While backpacking in Colombia, I spent four days in Barranquilla, a city on the Northern coast, at a huge annual party known as Carnival. By the end of the fourth day, I was exhausted and needed a vacation from my vacation. I had heard about a hostel located farther up the coast in the middle of the jungle. I wanted to get away from metropolitan cities for a while. I thought it’d be a nice place to spend a few days regenerating before continuing on my journey.
The hostel was located in a small coastal town called Buritaca. Getting there by bus proved to be a little challenging. I had to ask several different people where to find a bus headed in the direction of Buritaca. Finally, I ended up at the “bus station” which was just a street lined with buses. I got on a bus I was 75 percent sure would take me where I wanted to go, hoping for the best. After about two hours, the bus dropped me off on the side of the road in front of a sign that read, “Rancho Relaxo”. The name threw me for a loop. I couldn’t tell if the name was a joke or not.
Barranquilla, a city on the Northern coast of Colombia, has the second largest celebration of Carnival in the world, after Rio de Janeiro, in Brazil. Carnival is a celebration that began in the 1700s in European Roman Catholic countries as a way for people to get all the devious deeds and vices out of their systems before the start of Lent. Today, it is a worldwide celebration that consists of three days of parades, intense partying, costumes, and lots and lots of alcohol. We have our own version of it in the United States, called Mardi Gras. I have always wanted to go to Carnival in Rio de Janeiro but I wouldn’t be traveling to Brazil on this trip. I decided to go with the next best destination of Barranquilla, Colombia.
While traveling in Mexico, prior to Colombia, I met a woman from Austria named Hedi. She was interested in joining me for Carnival in Colombia. Also, I had recently reconnected with a friend from high school, Evan. We hadn’t seen each other in over 10 years. We met up at our 10-year high school reunion. I told him my plan to head to Carnival in Barranquilla and he decided he would join me, along with his friend Ben, who had already been to Colombia many times. So, now as a group of four, we joyously coordinated our plans to meet in Barranquilla for Carnival.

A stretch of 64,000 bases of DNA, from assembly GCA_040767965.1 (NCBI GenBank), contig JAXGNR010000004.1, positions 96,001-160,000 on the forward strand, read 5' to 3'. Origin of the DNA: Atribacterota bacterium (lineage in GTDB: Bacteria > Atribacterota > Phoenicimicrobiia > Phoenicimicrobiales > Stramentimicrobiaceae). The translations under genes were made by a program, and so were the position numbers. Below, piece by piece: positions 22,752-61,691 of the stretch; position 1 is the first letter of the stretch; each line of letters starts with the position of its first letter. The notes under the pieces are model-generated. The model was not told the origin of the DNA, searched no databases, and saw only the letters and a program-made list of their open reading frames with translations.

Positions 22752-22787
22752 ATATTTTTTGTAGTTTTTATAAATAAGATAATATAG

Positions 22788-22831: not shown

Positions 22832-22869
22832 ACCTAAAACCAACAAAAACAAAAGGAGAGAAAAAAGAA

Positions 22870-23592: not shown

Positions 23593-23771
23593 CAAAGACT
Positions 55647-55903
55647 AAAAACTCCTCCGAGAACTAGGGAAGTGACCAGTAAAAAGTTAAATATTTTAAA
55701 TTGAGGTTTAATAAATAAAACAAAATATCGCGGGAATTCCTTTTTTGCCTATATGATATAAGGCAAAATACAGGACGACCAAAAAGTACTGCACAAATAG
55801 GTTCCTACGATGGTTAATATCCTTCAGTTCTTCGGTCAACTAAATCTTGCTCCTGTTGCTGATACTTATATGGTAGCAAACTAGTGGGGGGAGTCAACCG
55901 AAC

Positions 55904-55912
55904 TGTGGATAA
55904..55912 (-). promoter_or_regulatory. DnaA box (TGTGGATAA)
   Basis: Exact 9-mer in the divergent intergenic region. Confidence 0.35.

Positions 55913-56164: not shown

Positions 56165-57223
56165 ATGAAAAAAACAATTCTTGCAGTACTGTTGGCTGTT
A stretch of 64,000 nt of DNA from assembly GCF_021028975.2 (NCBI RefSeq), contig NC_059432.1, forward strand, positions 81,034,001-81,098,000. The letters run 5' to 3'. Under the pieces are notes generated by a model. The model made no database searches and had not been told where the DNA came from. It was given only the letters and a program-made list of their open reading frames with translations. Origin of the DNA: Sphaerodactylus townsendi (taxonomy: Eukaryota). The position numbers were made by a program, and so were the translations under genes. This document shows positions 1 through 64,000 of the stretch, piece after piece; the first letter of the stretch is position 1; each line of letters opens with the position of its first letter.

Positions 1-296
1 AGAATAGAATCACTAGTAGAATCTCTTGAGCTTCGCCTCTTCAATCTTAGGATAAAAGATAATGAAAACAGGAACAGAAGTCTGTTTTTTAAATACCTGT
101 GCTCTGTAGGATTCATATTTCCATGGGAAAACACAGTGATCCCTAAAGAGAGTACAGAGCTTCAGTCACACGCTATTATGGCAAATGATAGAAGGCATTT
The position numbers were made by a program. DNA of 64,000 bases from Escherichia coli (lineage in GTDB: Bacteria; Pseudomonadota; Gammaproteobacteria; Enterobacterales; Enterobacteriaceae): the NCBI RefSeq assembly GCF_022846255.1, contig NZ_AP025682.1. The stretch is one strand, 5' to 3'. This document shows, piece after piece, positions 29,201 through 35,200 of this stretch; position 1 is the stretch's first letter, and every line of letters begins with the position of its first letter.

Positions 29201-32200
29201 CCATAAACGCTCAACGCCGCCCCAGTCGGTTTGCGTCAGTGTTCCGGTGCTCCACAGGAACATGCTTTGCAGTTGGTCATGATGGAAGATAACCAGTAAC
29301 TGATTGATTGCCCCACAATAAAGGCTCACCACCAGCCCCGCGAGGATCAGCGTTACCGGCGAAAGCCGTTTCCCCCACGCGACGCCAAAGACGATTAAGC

Visiting the Amazon had been highly recommended to me, although I wasn’t exactly a fan of the idea. Having grown up in a city, I much prefer cities to the countryside, or in this case, the jungle. When I pictured the Amazon, I thought of crazy heat and humidity, mosquitoes, giant spiders, and sleeping under mosquito nets in dirty beds or hammocks. I was in Thailand two years earlier and I had a less than fortunate experience on a jungle trekking tour. We rode bamboo rafts in a snake infested river that I fell into not once but twice. Soaking wet, we trekked up into the humid jungle for the next 4 hours. When we finally reached our camp for the night, we were starving but we were only fed rice. In addition, the group had to sleep outside on wooden boards with moldy blankets. Since that traumatizing experience, I haven’t wanted to do anything remotely similar. This time, one of my goals was to really push myself, face my fears, and experience the unfamiliar.